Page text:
Over at Balkinization, Brian Tamanaha (Wash U) assesses trends involving the market demand for new attorneys and law school enrollment (here). As Brian notes, "law schools now pump out about 45,000 graduates annually at a time when the Bureau of Labor Statistics projects about 28,000 new lawyer positions per year." Why? Brian argues that the current law school business model demands as much. Specifically, law faculties have gotten bigger during the past two decades and, as a result, "bigger faculties must be paid for through some combination of more bodies (J.D. and LL.M) and higher tuition." Not surprisingly, Brian predicts "tough times" for many law schools in the future.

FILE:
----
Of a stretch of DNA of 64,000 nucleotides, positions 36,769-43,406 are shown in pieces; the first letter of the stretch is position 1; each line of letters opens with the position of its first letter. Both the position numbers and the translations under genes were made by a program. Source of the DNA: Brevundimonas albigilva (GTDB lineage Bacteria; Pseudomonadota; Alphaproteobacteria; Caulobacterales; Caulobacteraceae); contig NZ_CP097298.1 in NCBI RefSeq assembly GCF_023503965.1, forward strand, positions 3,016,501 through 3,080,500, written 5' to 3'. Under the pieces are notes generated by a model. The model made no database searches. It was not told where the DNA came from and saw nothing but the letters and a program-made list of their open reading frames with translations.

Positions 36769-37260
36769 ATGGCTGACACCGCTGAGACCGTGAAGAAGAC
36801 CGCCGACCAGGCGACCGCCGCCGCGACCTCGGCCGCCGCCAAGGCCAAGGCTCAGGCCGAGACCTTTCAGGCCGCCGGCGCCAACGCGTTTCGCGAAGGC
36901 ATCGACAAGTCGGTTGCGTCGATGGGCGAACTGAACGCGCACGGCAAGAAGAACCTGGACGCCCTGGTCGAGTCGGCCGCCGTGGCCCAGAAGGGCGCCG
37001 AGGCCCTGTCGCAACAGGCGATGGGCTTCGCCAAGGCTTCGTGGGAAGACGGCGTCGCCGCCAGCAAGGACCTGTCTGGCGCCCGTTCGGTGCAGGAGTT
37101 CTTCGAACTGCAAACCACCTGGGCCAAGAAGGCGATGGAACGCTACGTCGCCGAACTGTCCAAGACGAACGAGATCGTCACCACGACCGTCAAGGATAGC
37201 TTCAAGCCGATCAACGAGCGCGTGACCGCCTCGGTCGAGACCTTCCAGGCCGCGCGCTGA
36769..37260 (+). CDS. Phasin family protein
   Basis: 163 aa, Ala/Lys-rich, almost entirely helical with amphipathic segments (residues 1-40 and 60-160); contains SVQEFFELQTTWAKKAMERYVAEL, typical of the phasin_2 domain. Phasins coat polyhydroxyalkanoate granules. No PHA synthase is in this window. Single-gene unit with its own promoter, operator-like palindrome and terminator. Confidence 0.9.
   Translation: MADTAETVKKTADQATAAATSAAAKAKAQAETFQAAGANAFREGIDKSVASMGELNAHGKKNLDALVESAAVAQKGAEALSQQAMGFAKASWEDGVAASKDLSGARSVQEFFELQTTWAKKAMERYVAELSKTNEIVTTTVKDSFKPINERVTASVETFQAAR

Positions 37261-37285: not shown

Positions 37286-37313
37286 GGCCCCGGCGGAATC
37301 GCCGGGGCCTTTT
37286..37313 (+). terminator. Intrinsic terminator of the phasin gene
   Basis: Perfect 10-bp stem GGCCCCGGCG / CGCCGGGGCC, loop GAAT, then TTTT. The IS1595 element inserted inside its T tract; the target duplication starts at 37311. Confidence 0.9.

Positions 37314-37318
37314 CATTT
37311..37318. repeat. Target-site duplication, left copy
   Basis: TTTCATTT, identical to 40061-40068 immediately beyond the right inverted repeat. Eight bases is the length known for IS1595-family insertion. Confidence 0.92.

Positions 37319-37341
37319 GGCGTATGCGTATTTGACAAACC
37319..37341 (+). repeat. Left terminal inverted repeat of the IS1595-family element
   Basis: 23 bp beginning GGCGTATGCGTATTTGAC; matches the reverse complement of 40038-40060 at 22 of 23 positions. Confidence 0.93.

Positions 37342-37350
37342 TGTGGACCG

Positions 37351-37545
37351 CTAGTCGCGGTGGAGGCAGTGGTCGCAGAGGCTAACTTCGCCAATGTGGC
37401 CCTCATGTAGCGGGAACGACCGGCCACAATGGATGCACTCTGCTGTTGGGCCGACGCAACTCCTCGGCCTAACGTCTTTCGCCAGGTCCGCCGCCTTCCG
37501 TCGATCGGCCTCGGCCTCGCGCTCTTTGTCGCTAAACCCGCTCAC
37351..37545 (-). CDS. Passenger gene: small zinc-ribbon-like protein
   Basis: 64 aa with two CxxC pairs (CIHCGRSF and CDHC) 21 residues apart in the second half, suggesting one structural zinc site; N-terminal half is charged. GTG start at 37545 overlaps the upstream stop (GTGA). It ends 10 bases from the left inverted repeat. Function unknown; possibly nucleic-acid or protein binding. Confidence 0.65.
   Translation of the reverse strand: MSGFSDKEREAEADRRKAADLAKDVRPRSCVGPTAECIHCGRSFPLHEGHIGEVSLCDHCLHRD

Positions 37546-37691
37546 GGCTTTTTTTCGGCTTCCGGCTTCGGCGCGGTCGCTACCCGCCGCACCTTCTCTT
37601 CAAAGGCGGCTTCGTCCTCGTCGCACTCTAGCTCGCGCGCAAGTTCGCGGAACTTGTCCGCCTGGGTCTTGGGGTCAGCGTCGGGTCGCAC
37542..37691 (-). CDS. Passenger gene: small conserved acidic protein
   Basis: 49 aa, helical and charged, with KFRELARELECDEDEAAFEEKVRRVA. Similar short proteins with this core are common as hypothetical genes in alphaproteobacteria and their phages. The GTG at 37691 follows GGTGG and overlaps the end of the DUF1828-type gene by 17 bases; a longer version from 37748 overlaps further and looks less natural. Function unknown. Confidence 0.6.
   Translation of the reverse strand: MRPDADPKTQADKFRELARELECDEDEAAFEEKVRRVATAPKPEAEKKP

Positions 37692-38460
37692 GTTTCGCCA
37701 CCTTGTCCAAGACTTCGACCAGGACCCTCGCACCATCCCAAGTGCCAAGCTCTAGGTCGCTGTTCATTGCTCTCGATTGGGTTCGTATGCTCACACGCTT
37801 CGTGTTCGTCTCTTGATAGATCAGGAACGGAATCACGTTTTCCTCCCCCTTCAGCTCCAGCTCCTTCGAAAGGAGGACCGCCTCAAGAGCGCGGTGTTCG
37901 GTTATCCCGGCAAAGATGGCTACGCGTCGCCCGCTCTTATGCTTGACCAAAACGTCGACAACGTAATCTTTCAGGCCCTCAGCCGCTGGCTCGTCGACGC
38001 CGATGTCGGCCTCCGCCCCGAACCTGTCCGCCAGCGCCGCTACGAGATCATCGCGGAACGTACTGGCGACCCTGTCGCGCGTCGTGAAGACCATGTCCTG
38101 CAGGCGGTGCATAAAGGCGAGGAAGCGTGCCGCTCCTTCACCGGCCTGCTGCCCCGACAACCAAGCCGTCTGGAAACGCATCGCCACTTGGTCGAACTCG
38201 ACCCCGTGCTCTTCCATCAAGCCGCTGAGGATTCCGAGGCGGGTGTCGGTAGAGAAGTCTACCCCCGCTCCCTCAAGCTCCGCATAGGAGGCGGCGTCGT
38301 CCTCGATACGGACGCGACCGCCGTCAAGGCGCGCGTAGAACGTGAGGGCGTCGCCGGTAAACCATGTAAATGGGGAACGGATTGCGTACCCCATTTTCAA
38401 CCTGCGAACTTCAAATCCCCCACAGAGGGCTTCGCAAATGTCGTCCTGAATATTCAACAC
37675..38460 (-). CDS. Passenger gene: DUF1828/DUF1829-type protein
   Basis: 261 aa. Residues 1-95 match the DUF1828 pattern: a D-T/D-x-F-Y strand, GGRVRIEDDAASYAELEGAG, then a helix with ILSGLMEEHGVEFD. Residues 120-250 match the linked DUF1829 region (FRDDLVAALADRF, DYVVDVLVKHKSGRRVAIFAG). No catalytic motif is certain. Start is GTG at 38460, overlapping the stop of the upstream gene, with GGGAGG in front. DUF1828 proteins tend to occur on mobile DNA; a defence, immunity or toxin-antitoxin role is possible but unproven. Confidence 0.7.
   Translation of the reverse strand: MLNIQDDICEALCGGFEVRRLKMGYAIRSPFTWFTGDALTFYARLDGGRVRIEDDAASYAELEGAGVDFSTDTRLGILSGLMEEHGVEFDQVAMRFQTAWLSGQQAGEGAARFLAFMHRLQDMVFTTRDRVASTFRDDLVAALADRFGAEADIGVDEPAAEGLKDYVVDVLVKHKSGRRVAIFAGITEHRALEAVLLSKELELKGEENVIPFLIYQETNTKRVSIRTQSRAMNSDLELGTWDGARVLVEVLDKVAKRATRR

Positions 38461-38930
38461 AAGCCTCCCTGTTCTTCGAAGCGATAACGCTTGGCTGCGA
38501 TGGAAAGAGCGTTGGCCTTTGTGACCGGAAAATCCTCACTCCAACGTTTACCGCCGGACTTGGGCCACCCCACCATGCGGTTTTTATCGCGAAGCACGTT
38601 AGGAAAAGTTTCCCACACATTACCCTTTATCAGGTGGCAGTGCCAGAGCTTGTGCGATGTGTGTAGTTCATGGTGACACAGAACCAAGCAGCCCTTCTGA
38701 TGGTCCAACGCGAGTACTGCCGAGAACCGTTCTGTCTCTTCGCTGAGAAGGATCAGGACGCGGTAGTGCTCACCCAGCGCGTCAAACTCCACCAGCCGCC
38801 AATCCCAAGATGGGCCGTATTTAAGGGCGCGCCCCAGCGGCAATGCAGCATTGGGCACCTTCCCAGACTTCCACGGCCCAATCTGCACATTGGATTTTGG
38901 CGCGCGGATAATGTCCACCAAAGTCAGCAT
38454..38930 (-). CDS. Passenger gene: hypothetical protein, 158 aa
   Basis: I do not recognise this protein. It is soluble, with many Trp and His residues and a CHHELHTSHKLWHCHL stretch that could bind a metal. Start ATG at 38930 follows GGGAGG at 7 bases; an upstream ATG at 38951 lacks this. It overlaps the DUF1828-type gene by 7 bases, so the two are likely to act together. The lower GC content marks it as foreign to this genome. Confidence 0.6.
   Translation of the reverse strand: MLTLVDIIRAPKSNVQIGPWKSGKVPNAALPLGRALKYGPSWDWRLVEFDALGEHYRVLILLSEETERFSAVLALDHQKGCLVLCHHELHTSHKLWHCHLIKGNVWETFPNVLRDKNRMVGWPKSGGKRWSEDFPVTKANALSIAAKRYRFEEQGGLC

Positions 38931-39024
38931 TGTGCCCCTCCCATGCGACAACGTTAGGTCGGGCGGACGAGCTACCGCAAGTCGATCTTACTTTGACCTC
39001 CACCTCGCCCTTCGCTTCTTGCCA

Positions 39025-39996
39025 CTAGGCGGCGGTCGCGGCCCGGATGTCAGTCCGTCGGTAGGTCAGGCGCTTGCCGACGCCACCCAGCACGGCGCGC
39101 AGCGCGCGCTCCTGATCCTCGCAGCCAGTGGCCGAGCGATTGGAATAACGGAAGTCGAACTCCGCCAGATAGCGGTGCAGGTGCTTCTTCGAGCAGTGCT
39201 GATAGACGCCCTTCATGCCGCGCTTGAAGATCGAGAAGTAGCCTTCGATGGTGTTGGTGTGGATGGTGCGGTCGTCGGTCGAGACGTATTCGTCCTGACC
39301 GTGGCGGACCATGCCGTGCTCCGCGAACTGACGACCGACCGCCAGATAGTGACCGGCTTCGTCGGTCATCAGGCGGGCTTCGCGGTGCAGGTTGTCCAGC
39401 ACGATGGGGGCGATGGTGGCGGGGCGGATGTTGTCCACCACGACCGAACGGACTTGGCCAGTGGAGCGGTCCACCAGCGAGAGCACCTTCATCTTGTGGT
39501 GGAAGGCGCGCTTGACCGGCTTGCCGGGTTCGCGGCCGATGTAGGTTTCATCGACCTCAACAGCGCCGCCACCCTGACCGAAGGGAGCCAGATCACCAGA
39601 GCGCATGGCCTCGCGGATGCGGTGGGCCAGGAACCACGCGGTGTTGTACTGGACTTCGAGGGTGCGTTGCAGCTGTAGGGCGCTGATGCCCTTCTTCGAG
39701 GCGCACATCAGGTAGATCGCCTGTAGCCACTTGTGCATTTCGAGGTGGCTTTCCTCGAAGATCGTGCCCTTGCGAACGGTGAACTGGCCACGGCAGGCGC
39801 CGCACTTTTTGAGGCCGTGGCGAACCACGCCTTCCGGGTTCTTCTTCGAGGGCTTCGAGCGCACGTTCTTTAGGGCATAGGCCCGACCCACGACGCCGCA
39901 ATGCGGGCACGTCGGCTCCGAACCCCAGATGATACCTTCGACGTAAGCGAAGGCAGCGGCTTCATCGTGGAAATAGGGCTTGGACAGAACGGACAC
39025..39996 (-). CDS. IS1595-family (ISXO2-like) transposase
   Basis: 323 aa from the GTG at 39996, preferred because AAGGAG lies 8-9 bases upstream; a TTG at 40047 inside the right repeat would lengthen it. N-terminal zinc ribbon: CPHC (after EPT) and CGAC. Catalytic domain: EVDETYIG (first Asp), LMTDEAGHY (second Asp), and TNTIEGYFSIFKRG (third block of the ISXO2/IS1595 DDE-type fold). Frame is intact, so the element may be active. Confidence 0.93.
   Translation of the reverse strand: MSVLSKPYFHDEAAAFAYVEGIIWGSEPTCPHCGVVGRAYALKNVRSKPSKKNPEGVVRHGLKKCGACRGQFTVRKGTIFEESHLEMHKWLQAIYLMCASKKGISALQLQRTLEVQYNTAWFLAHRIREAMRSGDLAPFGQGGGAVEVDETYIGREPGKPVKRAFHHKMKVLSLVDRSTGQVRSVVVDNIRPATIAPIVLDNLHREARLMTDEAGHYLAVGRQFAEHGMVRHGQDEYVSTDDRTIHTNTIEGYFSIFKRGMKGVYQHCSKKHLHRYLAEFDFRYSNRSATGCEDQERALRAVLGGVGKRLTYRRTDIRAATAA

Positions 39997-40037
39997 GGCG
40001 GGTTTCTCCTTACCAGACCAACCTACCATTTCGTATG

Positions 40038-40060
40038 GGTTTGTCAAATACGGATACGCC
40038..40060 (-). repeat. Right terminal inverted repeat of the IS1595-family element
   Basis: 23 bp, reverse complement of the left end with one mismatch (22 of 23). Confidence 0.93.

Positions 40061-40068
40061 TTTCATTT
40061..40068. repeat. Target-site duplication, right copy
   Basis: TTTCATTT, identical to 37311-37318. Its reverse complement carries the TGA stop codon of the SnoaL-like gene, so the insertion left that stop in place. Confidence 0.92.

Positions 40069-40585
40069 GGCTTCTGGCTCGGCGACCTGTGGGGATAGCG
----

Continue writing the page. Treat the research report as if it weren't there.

UPDATE: Ted Seto's (Loyola-LA) alternative interpretation of the data also warrants note.